This Morning featured a chat about an extreme diet and viewers were fuming, branding the segment ‘dangerous’ and ‘irresponsible’
Michael, whose diet will be part of new Channel 4 show Lose A Stone in 21 Days, has created a plan he says can help people lose just that – a staggering one stone in just three weeks.
What did This Morning viewers think of the diet?
But those watching at home said they were “disgusted” with the interview, calling the dietary advice – centred eating healthy foods but maintaining an extreme calorie deficit – “unsafe” and not sustainable for a health lifestyle.
One said: “There are so many healthy ways to loose weight, @thismorning promoting an 800 calorie diet on TV is so wrong and can cause so many issues #Thismorning.”
The diet he is promoting is unsafe.
Another said: “What doctor in the right mind would recommend 800 calories a day? Unsustainable for a lifetime healthy diet #thismorning #faddiet.”
‘Anyone else disgusted?’
A third wrote: “Is anyone else a bit disgusted that an established daytime TV show are promoting an 800 calorie diet? So, so bad for you. ITV, sort it out. #ThisMorning.”
Someone else raged: “#ThisMorning how is this guy a doctor? The diet he is promoting is unsafe and unsustainable.”
A fifth said: “800 calories a day is dangerously low, he is just promoting his own fad diet! Calorie [bleeping] deficit and throw in some exercise #ThisMorning.”
“Talking about a 800 calorie diet on #ThisMorning?!” fumed another. “That’s not a diet. That’s a temporary eating disorder. Making me so angry. I’ve suffered for years and had people try to help fix my mental disorder, yet now this [bleep] is being promoted?? #itv.”
Is anyone else a bit disgusted that an established daytime TV show are promoting an 800 calorie diet? So, so bad for you. ITV, sort it out. #ThisMorning
— Cal (@Panayisalad) August 5, 2020
It’s simple. Move more, eat less. CALORIE DEFICIT. DO NOT follow any silly fad diets. I’m begging 😭😭😭. #ThisMorning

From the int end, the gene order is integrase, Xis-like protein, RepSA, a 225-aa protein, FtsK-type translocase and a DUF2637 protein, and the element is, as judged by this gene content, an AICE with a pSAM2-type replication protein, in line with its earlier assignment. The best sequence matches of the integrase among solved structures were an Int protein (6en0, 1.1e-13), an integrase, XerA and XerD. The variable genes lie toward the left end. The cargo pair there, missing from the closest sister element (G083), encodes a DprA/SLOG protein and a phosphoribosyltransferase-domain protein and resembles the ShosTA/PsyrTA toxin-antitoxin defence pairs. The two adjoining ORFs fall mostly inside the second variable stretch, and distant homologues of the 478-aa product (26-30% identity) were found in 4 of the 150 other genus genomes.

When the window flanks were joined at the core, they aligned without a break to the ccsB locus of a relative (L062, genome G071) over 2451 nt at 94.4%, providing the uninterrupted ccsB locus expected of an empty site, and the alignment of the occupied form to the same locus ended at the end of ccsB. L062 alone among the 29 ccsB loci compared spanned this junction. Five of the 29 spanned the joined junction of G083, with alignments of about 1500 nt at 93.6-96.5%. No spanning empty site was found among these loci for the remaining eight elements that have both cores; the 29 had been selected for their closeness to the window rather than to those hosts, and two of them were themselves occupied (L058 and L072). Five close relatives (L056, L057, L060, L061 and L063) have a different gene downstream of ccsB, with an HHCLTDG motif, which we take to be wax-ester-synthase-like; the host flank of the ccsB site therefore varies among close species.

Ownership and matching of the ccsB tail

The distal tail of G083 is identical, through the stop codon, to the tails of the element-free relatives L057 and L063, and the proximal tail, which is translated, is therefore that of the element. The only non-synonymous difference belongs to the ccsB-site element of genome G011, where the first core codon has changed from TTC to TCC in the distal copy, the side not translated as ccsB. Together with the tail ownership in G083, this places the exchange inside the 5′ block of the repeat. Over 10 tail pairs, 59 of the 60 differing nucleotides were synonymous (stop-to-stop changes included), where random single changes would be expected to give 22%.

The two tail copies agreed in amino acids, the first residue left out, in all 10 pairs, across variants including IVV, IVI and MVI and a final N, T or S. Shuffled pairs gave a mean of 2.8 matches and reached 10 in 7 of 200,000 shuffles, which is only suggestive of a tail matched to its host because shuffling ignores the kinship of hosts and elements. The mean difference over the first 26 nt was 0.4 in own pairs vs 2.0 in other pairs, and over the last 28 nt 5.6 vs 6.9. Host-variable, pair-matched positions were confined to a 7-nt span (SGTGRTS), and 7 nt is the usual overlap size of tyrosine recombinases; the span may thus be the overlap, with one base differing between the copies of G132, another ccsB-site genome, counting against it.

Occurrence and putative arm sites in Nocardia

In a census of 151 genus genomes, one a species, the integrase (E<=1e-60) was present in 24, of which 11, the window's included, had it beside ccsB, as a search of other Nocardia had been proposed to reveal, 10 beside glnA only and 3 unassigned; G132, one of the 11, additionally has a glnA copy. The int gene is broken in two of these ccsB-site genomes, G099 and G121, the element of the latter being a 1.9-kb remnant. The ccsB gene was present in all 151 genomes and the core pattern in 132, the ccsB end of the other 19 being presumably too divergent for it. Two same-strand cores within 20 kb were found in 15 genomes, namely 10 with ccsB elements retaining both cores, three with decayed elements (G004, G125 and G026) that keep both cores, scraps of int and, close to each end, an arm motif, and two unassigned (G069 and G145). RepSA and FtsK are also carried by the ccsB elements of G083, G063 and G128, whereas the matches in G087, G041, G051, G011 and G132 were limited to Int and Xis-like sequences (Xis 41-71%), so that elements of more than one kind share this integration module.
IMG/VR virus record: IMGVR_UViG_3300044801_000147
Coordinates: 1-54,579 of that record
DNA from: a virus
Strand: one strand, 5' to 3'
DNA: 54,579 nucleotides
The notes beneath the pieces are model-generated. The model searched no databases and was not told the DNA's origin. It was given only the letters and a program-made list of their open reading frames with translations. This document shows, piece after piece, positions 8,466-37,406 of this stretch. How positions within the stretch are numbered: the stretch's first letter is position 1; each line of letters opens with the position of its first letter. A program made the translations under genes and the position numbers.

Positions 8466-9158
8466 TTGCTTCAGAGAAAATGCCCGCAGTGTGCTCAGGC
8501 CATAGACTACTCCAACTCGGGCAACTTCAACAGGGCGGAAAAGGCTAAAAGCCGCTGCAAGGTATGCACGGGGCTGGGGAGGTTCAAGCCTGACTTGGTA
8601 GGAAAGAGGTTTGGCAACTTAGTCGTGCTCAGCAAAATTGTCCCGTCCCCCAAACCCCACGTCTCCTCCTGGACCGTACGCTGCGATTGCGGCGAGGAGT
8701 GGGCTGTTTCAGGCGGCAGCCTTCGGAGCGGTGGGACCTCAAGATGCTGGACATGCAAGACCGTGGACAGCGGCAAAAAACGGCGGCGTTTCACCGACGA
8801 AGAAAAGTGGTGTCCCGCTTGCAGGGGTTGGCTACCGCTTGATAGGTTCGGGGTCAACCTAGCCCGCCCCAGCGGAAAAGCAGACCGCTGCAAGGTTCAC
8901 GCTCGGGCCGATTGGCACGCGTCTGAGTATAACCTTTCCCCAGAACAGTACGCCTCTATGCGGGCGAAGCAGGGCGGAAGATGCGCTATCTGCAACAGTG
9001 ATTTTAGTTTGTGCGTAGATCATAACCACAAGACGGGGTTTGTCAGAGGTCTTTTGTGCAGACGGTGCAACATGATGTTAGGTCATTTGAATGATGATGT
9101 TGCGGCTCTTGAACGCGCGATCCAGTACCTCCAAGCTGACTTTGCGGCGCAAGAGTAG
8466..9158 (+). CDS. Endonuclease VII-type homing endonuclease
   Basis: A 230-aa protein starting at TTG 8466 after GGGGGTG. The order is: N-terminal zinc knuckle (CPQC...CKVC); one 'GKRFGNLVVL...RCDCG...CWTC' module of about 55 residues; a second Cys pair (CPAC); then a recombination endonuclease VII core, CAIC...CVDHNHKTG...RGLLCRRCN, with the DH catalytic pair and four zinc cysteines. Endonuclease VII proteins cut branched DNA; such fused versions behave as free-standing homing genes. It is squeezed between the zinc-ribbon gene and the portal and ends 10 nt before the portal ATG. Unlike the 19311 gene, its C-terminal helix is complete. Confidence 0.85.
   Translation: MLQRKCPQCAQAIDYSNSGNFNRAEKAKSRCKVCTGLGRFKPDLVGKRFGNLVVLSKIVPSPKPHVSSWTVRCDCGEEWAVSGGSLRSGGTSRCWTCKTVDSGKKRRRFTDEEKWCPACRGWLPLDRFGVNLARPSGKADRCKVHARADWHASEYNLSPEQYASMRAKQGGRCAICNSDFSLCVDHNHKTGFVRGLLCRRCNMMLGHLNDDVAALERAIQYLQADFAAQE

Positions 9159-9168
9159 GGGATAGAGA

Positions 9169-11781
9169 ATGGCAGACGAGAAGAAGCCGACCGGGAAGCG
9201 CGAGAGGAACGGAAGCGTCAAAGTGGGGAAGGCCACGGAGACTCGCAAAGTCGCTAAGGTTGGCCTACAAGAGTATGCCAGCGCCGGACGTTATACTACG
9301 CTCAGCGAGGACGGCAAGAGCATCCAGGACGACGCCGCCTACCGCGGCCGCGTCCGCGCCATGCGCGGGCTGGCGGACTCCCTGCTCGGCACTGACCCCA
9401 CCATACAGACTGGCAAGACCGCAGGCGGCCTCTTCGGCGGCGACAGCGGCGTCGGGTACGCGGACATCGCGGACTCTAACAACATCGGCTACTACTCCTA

— Hanna Louise ✨ (@hlouise0) August 5, 2020
This sounds irresponsible and unhealthy!! I’m only petite but need way more than 800 calories. Extreme dieting can’t be good for anyone. Surely a gradual approach combined with exercise is far healthier.
Plus he keeps plugging his wife and his own diets.#thismorning
— pami kaur (@princesspkh) August 5, 2020
Help from an experienced GP
However, some pointed out that the diet wasn’t supposed to be for a lifetime – just three weeks – and that it could teach people to make healthier choices over the food they eat.
One argued: “It’s not for a lifetime. It’s for three weeks. It teaches your body to utilise healthy food so that when you start adding foods back in you are more likely to make the right choices.”
As he spoke about the diet, Michael emphasised the importance of drinking plenty of water and eating lots of vegetables to take in key nutrients – many of which the participants of the Channel 4 show were actually deficient in, before starting the diet.
He also explained: “The person who’s helping me run this study is my wife Dr Clare Bailey. She’s been a GP for more than 30 years. She’s helped a lot of people lose weight in that time.”
Response from Channel 4
A Channel 4 rep told ED! in a statement: “Dr Michael Mosley is an independent and award-winning science journalist, who along with Dr Clare Bailey is globally renowned for achieving healthy, long-term results with restricted calorie diets.
“Research has found a short-term 800-1000 calorie diet has the potential to reverse a range of health problems including Type-2 Diabetes.
“This diet is inspired by a recent Oxford University study and all episodes clearly state it’s only suitable for people whose BMI puts them in the overweight or obese categories and that it should be done with proper medical supervision.”
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